“It was freedom of sorts, but it was really just a much more comfortable prison cell. We had to attend regular interrogations. We could only stay in the hotel and we could not leave the city. There was the same psychological pressure as prison, the lack of knowledge, the sense of injustice,” he said.
Litvinov expected to meet his wife in Helsinki and spend a night there before taking a ferry to Sweden for a holiday before returning to campaigning.
“I’m going to decompress and enjoy the rest of Christmas, but after that it’s back to work. The Arctic has still not been saved and there’s a lot to be done,” he said.
[Image via Agence France-Presse]
US planning to slash troops in Germany: report
US President Donald Trump has ordered the Pentagon to slash the number of troops it maintains in Germany by more than a quarter in the coming months, the Wall Street Journal reported Friday.
The newspaper said the Defense Department would cut the number of military personnel by 9,500 from the current 34,500 permanently assigned to Germany postings.
The Journal also said a cap of 25,000 would be set on how many US troops could be inside German at any one time, whether in permanent postings or temporary rotations, half of the current allowance.
The move would significantly reduce the US commitment to European defense under the NATO umbrella, though it could also impact Pentagon operations related to Africa and the Middle East.
Manhattan DA announces protesters arrested by NYPD will not be charged: ‘Our office has a moral imperative’
The Manhattan District Attorney announced on Friday that his office would not be prosecuting protesters arrested for low-level crimes.
Manhattan District Attorney Cy Vance, Jr. announced that Unlawful Assembly and Disorderly Conduct would not be prosecuted during the demonstrations over police violence.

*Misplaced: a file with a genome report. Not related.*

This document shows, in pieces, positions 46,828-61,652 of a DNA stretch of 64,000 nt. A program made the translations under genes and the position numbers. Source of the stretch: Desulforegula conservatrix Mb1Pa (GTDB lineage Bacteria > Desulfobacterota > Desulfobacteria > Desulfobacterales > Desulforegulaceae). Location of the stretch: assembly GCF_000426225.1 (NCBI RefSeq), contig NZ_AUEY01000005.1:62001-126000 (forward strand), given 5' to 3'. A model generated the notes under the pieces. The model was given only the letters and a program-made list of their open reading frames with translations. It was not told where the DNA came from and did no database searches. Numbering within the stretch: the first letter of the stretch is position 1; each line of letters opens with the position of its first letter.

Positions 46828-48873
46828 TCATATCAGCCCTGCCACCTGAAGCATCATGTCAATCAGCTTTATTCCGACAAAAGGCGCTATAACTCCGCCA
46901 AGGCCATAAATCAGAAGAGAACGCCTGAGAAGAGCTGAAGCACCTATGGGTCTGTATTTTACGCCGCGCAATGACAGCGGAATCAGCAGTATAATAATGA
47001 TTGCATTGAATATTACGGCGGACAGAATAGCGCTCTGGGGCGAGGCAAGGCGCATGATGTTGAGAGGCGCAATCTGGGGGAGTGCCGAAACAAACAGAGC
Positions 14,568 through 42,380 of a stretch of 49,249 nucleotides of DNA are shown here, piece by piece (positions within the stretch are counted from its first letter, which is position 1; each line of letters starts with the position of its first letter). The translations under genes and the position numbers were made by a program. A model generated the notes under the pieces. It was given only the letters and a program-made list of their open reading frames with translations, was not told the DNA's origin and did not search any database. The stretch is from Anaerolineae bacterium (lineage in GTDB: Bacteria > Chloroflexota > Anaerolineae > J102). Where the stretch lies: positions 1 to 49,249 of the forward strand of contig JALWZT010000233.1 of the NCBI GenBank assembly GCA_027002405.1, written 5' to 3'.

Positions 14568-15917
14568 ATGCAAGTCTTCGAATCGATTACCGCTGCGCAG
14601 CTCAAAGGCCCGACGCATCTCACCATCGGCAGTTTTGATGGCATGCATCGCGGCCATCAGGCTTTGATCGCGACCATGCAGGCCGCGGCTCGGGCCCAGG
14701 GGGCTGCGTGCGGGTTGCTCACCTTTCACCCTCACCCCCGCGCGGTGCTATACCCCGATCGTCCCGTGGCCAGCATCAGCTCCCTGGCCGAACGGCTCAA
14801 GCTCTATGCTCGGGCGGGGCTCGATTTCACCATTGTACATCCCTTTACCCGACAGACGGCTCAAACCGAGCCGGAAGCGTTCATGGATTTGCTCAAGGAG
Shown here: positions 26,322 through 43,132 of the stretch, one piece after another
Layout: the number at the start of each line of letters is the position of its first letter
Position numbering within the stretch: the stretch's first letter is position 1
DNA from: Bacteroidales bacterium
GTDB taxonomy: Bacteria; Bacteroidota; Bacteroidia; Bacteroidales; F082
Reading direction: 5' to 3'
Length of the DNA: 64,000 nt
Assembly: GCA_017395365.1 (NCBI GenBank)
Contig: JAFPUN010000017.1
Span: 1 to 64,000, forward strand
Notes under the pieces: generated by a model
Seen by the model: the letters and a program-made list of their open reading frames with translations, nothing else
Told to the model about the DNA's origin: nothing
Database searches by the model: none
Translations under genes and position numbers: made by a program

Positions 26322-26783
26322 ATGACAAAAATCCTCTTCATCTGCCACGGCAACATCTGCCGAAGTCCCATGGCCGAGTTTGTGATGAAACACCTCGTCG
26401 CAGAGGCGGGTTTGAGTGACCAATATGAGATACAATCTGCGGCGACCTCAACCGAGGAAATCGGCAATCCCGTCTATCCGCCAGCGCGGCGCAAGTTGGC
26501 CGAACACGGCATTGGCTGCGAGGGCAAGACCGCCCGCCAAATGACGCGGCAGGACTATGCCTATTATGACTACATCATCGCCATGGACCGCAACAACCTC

"“The prosecution of protestors charged with these low-level offenses undermines critical bonds between law enforcement and the communities we serve. Days after the killing of George Floyd, our nation and our city are at a crossroads in our continuing endeavor to confront racism and systemic injustice wherever it exists. Our office has a moral imperative to enact public policies which assure all New Yorkers that in our justice system and our society, black lives matter and police violence is a crime. We commend the thousands of our fellow New Yorkers who have peacefully assembled to demand these achievable aims, and our door is open to any New Yorker who wishes to be heard," Vance said in a statement.
Chicago Police Board president files complaint alleging he was struck 5 times by cops at George Floyd protest
On Friday, WTTW reported that Ghian Foreman, the president of the Chicago Police Board, has filed a complaint alleging he was beaten in the legs five times by police officers at a protest against the killing of George Floyd last Sunday.
The Chicago Police Board is an independent civilian commission that has power over police disciplinary cases.
"Foreman filed a complaint with the Citizens Office of Police Accountability alleging that he was struck by at least one officer during a protest sparked by the death of George Floyd in the custody of Minneapolis police, said Ephraim Eaddy, a spokesperson for the agency," said the report. "Foreman’s complaint, which identifies the officer Foreman said struck him, is one of 344 complaints of police misconduct filed with COPA between midnight May 29 and 7 a.m. Friday, Eaddy said. The complaint itself is confidential."